I’m reposting this blog post from four years ago because I see the same issue happening today. In their passion to overthrow Mr. Obama, people are seeing a win by Mr. Romney as our “only hope”. It comes off as if he’s the savior that our country needs. I’m not saying we can’t have good reasons to support a candidate who reflects our views, but I am reminding us that the only Savior we really need is Jesus and that He can be glorified equally well through any candidate.
And let’s be careful about our character in the process. Let’s be sure our passion to support who we think is best doesn’t cause us to behave in unChristlike and unloving ways towards those supporting other candidates. Our spiritual impact on others is much more important that our political impact on them.
Sept 8, 2008.
Yesterday in Sr. High, Glenn Schillinger gave a great lesson on the book of Jeremiah. He pointed out that the book reveals things that are true about God’s nature. One such truth is the reality that God will sometimes chose to bring calamity upon his people to chastise them for their idolatry or awaken them from spiritual complacency.
This may sound blasphemous: God brings calamity? How can this be? This seems to contradict everyone’s favorite verse from the same book, Jeremiah 29:11 “For I know the plans I have for you,” declares the LORD, “plans to prosper you and not to harm you, plans to give you hope and a future.” But if we read this verse in context, we see that it is written to the Israelites after the Babylonians had just invaded their land, ransacked their nation and kidnapped the majority of them, hauling them far away to Babylon. And God was going to leave them there for 70 years—essentially the rest of their lives. His oft-quoted promise was speaking of the ultimate hope of prosperity for his chosen people, but certainly not their immediate relief.
If you read the whole chapter, you’ll see that our favorite verse is no more than a glimmer of light in a mostly dark and turbulent sea. God is in the midst of severely chastising his people for their waywardness.
And he takes full credit for this.
For example, read God’s message to those who were left in Jerusalem at that time: 29:16 but this is what the LORD says about the king who sits on David’s throne and all the people who remain in this city, your countrymen who did not go with you into exile- 17 yes, this is what the LORD Almighty says: “I will send the sword, famine and plague against them and I will make them like poor figs that are so bad they cannot be eaten. 18 I will pursue them with the sword, famine and plague and will make them abhorrent to all the kingdoms of the earth and an object of cursing and horror, of scorn and reproach, among all the nations where I drive them. 19 For they have not listened to my words,” declares the LORD, “words that I sent to them again and again by my servants the prophets. And you exiles have not listened either,” declares the LORD.
Yikes! That sounds harsh! And just a few verses later he says this to those who prophesied lies in His name: 29:21 “I will hand them over to Nebuchadnezzar king of Babylon, and he will put them to death before your very eyes.”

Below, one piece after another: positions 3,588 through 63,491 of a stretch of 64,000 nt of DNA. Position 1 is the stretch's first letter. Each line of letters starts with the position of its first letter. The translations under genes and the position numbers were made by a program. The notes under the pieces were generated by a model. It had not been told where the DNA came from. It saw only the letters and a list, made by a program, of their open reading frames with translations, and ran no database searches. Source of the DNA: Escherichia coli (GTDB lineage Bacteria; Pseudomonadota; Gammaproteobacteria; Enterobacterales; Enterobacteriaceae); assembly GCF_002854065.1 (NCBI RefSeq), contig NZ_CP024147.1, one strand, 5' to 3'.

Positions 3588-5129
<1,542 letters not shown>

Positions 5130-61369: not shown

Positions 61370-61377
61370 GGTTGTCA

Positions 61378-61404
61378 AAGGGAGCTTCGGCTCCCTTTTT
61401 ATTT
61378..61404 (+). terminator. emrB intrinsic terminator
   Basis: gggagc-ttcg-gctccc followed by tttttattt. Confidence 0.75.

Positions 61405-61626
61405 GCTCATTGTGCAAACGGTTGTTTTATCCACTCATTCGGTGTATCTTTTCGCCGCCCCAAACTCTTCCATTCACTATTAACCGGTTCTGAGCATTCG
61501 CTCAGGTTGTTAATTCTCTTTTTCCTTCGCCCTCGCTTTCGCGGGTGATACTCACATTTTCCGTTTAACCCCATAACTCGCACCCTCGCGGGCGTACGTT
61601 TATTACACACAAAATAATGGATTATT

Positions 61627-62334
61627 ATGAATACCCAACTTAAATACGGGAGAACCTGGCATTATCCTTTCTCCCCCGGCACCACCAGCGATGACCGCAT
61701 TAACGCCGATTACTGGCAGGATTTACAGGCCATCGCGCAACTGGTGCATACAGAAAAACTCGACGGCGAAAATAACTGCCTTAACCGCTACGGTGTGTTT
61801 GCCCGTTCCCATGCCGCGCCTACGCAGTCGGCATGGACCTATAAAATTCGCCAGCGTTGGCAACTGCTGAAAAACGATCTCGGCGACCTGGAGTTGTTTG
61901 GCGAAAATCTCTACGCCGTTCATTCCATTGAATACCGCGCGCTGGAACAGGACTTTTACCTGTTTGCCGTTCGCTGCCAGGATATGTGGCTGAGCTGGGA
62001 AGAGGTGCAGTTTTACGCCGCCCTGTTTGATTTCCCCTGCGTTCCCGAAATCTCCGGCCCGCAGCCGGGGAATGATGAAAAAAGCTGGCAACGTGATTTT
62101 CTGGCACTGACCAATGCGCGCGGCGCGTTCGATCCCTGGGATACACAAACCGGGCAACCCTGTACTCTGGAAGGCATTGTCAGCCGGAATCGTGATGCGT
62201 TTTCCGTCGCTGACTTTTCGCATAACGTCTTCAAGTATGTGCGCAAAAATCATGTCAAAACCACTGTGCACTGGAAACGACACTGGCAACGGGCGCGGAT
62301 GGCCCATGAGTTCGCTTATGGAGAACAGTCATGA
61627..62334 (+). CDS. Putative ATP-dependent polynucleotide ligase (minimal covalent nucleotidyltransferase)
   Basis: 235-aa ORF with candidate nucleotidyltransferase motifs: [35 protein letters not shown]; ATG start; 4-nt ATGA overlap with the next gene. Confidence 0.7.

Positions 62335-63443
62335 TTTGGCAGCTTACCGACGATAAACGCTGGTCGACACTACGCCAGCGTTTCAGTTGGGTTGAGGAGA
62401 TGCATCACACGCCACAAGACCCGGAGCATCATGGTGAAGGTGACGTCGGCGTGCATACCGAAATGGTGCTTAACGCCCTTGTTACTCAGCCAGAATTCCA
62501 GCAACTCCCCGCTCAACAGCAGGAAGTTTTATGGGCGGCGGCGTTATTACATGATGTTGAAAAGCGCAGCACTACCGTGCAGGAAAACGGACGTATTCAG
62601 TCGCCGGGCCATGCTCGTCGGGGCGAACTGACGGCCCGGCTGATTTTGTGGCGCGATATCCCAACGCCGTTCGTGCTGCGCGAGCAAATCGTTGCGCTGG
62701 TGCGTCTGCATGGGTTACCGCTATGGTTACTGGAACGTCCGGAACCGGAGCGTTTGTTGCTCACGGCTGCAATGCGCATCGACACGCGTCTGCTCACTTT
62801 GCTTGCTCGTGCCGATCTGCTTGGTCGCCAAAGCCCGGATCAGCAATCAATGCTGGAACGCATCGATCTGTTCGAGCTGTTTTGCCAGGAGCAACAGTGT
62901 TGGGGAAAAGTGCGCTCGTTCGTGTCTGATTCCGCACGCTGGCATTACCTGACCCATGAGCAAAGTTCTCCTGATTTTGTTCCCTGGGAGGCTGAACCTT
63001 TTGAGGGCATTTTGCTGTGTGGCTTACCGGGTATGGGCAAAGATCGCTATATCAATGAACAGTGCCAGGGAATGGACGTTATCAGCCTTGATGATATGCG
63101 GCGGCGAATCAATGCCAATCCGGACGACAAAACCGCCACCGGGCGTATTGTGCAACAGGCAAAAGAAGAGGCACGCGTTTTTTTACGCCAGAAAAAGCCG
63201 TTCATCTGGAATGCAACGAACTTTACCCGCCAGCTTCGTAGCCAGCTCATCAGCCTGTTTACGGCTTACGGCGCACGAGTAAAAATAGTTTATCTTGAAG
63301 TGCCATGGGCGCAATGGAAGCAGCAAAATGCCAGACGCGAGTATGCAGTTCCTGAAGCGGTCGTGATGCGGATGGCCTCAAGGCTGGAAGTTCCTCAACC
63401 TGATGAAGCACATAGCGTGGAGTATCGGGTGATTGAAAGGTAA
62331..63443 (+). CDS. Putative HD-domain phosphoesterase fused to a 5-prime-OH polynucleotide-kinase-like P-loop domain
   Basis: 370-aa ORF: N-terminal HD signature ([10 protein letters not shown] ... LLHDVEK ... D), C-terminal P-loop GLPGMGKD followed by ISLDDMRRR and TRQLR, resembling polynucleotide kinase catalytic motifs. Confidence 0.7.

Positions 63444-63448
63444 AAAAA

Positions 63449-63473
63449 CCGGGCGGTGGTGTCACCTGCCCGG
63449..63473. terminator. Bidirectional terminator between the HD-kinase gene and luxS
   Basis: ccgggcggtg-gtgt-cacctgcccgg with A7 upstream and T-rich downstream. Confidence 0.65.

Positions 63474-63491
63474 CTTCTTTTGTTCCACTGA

As you probably know, Nebuchadnezzar was an evil dictator, known for his brutality. Yet, three times in the book, God refers to Nebuchadnezzar as “my servant”. I’m not making this up—read it for yourself!
This idea of God sometimes choosing to bring calamity on His people flies in the face of the current trend in our culture towards the feel-good health-and-wealth Prosperity Gospel. We wrongly assume that God only works through peace and safety, economic prosperity, liberty, capitalism, and freedom. It’s unthinkable to us that God might actually want us to undergo distress or inhibiting circumstances for some higher purpose.
That brings me to the election at hand. I’ll begin by saying what most of you know—that neither candidate excites me. But if McCain were to win, I admit I’d feel better. But comfortable feelings are not the point here.
I see Christians who so badly insist that McCain absolutely must win this election. They are adamant that it is God’s will for our nation that McCain defeats Obama. That an Obama win could only be of Satan. I think that’s putting God in a box. It’s telling God He can only work through the Republican party, or through capitalism, or through libertarianism, but not socialism. Can’t God work his purposes however He pleases? Does God need to conform to our understanding of how the world should best operate? Would God’s hands be tied if Obama wins? If God could raise up “Nebuchadnezzar, my servant”, could he not just as well appoint “Obama my servant?”
Now don’t get me wrong, I’m not saying we should be indifferent about the election or that we can’t have preferences or that we shouldn’t vote. I’m just saying that we shouldn’t presume that God’s path must go according to our preconceived notions. I have to consider that God might be voting for someone different than “my guy” because He knows his great purposes and I don’t.
Romans 13:1 says that all government authorities are appointed by God—and that includes elected officials! This is one of those mystical juxtapositions of God’s sovereignty and man’s will working in tandem. This passage tells me that God’s will is going to be revealed on election night—one way or the other.
So after I’ve cast my vote for _________? , I’ll stay up late not to wring my hands in defeat or to celebrate in victory that “my guy” won. I’ll stay up late because I’ll be curious to see whom God has appointed and I’ll fully expect Him to use the election results for His ultimate glory and our ultimate (but not necessarily immediate) good!